Peace education practitioner, Dody Wibowo will share how national collective memories are constructed and disseminated in the media, cultural institutions and educational curriculums and through the use of physical objects.

Wibowo will draw parallels between his own experiences and artist Kim Hak’s approach, positioning objects as story-holders, vessels for historical lessons. Museum dioramas taught him for the first time aspects of Indonesia’s violent past, and it is the objects of 12 Cambodian families (who came to New Zealand as refugees in the 1970s and 1980s) that carry the stories of their owners, shared by Kim Hak. Wibowo will also discuss his experience at Tuol Sleng, Phnom Penh’s infamous Khmer Rouge prison and site of torture, and Choeung Ek Killing Field, again demonstrating the use of historical objects to inform and evoke physical and emotional responses from visitors. 

This lecture contains graphic imagery that may be difficult for audience members.  If you would like to discuss the content prior to the lecture, please contact Objectspace.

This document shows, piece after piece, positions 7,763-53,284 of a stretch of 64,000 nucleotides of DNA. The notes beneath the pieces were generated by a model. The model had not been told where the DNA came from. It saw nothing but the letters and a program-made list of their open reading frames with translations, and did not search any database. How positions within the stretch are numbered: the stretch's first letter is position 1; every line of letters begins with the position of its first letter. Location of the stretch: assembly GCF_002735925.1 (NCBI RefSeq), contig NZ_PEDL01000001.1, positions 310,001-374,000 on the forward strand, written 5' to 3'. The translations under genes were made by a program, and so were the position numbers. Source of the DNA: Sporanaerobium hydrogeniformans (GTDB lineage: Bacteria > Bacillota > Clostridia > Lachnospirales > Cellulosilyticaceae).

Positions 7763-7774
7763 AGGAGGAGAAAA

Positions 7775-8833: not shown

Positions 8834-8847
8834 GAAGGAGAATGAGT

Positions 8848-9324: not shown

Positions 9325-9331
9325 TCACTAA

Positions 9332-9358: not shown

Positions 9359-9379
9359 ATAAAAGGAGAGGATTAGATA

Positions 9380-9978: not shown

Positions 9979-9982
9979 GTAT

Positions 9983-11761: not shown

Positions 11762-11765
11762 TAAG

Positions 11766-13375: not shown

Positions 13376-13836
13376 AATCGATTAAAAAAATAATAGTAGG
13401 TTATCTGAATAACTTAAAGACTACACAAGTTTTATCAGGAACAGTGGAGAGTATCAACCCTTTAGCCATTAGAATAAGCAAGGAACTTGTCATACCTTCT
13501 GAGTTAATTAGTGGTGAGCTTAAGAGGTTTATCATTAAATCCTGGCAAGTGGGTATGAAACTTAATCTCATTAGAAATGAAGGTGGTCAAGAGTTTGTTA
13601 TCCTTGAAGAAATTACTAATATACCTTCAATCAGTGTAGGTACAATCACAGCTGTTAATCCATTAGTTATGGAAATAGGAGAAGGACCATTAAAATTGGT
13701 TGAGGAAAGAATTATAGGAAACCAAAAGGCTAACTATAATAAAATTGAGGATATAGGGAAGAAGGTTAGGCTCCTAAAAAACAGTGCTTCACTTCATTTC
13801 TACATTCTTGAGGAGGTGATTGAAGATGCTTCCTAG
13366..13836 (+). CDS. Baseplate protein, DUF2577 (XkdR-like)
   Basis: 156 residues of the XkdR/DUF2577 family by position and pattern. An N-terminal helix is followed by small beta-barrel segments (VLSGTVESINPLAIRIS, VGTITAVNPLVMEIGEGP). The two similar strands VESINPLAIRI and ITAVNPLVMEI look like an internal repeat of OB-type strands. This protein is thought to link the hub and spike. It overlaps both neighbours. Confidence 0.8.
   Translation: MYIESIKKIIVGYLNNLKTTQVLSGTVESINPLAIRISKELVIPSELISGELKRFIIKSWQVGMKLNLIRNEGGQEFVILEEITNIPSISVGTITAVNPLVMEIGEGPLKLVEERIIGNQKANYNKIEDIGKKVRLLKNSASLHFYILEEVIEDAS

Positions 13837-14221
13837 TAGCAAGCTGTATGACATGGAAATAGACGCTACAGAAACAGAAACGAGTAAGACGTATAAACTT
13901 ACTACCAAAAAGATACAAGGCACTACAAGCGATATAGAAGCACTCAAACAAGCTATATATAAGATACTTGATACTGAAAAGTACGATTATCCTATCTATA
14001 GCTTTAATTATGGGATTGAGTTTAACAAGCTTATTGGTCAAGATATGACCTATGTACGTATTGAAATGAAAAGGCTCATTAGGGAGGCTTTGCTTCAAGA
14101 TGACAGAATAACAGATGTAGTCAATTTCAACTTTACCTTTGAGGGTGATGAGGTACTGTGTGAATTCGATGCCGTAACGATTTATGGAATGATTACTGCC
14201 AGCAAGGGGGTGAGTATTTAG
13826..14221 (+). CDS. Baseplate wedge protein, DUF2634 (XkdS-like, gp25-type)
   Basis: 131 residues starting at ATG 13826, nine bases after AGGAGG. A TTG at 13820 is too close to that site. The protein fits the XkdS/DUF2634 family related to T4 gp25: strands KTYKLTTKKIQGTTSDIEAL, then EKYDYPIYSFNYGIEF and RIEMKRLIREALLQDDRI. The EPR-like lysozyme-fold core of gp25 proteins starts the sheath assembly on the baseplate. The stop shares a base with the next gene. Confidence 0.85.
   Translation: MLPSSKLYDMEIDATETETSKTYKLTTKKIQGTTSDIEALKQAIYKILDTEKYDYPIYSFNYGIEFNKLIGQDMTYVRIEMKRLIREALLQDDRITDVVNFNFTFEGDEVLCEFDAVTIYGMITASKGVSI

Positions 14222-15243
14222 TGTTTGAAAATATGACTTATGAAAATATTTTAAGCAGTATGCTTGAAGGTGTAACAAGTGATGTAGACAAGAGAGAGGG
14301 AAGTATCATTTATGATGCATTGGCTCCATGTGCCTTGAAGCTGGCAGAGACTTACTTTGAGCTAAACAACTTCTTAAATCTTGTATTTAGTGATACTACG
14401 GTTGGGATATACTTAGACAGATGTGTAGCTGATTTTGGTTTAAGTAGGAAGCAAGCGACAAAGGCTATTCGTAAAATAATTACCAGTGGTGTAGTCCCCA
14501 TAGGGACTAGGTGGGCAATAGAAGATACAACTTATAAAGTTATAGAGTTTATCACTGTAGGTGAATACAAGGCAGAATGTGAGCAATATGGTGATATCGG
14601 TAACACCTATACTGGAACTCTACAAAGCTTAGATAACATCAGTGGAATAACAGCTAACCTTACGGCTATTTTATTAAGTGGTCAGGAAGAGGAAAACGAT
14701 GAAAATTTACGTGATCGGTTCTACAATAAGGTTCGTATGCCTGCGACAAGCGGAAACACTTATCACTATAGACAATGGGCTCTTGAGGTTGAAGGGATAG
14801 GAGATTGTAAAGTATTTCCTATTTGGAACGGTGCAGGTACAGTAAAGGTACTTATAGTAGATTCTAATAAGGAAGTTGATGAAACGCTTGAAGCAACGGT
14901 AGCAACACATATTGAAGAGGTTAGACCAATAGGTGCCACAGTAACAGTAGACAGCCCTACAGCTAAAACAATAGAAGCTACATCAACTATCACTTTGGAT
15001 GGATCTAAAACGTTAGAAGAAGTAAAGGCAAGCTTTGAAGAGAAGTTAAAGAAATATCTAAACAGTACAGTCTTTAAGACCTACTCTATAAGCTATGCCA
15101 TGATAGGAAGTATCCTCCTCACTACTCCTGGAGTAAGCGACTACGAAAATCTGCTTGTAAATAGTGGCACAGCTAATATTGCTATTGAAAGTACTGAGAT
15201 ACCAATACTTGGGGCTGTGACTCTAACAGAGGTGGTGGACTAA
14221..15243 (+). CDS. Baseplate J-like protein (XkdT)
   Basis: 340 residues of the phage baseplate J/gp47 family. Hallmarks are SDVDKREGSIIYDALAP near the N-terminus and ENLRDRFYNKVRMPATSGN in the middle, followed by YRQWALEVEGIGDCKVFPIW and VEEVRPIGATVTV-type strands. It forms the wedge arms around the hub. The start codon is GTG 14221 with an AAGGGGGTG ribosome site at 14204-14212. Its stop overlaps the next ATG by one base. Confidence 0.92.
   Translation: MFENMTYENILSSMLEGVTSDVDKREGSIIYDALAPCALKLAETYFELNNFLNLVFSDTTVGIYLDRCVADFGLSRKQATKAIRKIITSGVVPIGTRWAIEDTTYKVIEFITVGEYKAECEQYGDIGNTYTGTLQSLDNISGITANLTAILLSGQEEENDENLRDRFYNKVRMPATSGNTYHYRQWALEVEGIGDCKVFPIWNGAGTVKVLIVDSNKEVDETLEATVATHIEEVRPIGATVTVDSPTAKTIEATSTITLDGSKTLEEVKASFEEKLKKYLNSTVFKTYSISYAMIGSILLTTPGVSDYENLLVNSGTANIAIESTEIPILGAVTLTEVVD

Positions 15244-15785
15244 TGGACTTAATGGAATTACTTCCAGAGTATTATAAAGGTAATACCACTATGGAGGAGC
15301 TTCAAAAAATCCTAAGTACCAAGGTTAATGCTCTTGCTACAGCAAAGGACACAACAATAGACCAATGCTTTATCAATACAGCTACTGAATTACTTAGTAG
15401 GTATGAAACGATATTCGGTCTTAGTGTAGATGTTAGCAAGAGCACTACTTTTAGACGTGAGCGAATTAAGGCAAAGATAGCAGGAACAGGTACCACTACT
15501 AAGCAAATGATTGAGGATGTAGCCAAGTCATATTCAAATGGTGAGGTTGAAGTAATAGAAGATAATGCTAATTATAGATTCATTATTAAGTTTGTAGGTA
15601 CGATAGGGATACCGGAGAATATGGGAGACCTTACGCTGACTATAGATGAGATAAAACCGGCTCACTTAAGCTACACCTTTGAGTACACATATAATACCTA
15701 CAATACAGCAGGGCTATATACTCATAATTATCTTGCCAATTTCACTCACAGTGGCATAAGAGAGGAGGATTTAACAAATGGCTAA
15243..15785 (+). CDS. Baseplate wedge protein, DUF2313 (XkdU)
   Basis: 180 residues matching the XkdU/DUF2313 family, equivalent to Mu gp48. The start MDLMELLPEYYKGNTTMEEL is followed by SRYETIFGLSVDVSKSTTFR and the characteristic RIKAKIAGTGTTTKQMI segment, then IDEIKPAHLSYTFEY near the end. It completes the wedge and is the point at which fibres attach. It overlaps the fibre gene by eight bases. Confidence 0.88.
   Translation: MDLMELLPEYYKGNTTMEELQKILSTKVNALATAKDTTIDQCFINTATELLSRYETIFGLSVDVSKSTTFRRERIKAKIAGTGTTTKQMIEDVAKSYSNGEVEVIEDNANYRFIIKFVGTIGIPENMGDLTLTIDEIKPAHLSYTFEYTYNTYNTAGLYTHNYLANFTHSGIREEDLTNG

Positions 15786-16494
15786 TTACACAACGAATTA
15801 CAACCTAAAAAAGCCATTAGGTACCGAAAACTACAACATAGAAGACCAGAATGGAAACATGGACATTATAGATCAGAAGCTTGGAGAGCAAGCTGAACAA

Booking is free here.


Dody Wibowo comes from Indonesia and holds a Master's Degree in Peace Education from the University for Peace, Costa Rica. He has worked in several institutions, including Peace Brigades International, Save the Children, Ananda Marga Universal Relief Team.  He has completed work for UNICEF and the Centre for Peace and Conflict Studies in Cambodia.

Dody is conducting his PhD research at the University of Otago’s National Centre for Peace and Conflict Studies Te Ao O Rongomaraeroa through a Rei Foundation scholarship. His research explores factors contributing to school teachers' capacity in delivering peace education. 

The exhibition Alive is supported by Rei Foundation.

Kim Hak, Alive, watch and basil

Kim Hak, Alive, A portrait from the '70s and a red chair